1917, Chadds Ford, PA. – 2009 Chadds Ford, PA.
My first encounter with Andrew Wyeth was in1968 after Houghton-Mifflin published a sumptious, oversized book with reproductions of his paintings on heavy rag paper titled “Andrew Wyeth”. Later, as part of a War for Independence road trip that included Valley Forge and Brandywine Battlefield, my wife and I visited Chadds Ford.[1.] It was there I began to understand the love Wyeth had expressed for his mysterious, tucked-away-world. Wyeth’s subtle, almost invisible egg tempera colours and textures were fascinating. I’d never followed his career and I learned of his death long after his passing. However, something in the spiritual ambience of his work, if not yet quite grasped, remained with me.
That missing something was finally revealed in May 2014 when we visited a large and conprehensive Wyeth exhibit in the National Gallery, Washington, DC called Looking Out, Looking In. The exhibit began with numerous watercolours, all new to me and they wove themselves seamlessly into his sketches and paintings. I discovered a nowness that Wyeth had captured – those incredibly timeless moments, the hallmark of a great artist. Many years ago Toru Takemitsu said,”Vermeer is not about colour”. And indeed colour is not what he was about. Nor was Wyeth.
In Wyeth as in Vermeer, there is more, a most important more. As I meandered from room to room, Wyeth’s paintings evolved into a private world of my own and became abstractions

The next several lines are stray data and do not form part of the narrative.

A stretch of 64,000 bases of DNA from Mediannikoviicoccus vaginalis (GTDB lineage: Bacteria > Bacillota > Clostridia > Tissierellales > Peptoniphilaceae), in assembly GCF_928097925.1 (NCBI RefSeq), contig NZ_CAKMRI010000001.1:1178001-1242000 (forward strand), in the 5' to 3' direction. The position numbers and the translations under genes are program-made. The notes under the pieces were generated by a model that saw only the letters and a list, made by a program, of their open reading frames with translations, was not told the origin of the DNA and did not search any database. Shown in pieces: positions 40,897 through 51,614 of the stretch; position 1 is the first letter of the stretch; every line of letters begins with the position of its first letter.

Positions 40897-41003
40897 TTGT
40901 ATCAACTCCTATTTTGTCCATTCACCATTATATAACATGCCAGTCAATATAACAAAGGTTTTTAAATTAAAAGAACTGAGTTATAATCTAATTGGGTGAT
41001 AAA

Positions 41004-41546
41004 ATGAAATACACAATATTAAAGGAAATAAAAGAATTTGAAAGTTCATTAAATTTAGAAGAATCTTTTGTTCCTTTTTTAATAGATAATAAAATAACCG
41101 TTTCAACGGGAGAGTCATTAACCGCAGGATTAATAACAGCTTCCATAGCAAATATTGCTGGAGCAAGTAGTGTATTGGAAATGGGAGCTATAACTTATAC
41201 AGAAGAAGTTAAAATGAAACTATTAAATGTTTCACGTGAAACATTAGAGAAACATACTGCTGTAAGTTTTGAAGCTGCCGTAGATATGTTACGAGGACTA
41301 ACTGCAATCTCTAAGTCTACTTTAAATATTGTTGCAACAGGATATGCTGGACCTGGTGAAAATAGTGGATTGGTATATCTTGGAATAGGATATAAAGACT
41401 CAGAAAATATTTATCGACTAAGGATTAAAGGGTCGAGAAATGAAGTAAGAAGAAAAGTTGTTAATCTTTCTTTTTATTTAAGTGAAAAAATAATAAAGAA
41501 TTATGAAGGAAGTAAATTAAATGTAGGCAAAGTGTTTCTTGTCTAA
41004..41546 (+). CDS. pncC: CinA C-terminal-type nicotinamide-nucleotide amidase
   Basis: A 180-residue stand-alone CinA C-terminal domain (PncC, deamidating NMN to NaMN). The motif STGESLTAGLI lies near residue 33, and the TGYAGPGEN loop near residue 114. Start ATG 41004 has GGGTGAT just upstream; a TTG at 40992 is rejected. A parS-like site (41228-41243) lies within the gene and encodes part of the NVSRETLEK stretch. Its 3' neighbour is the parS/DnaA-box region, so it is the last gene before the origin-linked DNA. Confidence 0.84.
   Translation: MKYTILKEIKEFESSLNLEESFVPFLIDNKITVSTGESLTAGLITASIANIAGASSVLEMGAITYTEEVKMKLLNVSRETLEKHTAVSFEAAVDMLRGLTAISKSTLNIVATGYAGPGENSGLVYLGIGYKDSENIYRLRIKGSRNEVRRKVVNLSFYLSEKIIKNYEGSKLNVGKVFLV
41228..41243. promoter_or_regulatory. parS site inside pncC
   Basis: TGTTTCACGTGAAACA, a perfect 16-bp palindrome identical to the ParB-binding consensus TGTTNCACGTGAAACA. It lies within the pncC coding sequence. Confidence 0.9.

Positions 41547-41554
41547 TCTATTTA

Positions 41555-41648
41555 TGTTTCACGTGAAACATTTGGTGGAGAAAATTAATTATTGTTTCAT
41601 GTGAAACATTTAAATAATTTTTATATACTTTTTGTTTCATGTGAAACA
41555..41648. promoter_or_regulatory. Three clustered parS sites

In 1965, Wyeth said that although he was thought of as a realist, he thought of himself as an abstractionist: “My people, my objects breathe in a different way: there’s another core — an excitement that’s definitely abstract. My God, when you really begin to peer into something, a simple object, and realize the profound meaning of that thing — if you have an emotion about it, there’s no end”.
Howard Pyle was to my mind a superb illustrator and painter. Pyle painted a great and recently stolen picture of English Grenadier drummers pushing their colleagues up Breed’s (Bunker) Hill towards their second repulse by the “Colonial rabble”. Pyle lived in Chadds Ford as did N.C. Wyeth, Andrew Wyeth’s father, who studied with him. Andrew Wyeth said that illustrators like Howard Pyle painted pictures.
Below is one of my favorite pictures. I took it after a long day on the Capital Mall. My wife and I had a marvelous bottle of Vouvray as an accompaniment to these even more marvelous Chesapeake Bay bivalves. (Eat your hearts out, ye denizins of P.E.I. or anywhere else for that matter.)
[1.] Chadds Ford was the major crossing of Brandywine Creek by the road from Baltimore to Philadelphia. The battle was fought 11 September 1777 between approximately 14,000 troops under General George Washington and 15,000 under General Sir William Howe. Though occupying a strong position, Washington failed to send out scouts and his right flank was turned. The defeat led to Howe capturing Philadelphia and Washington establishing winter quarters at Valley Forge.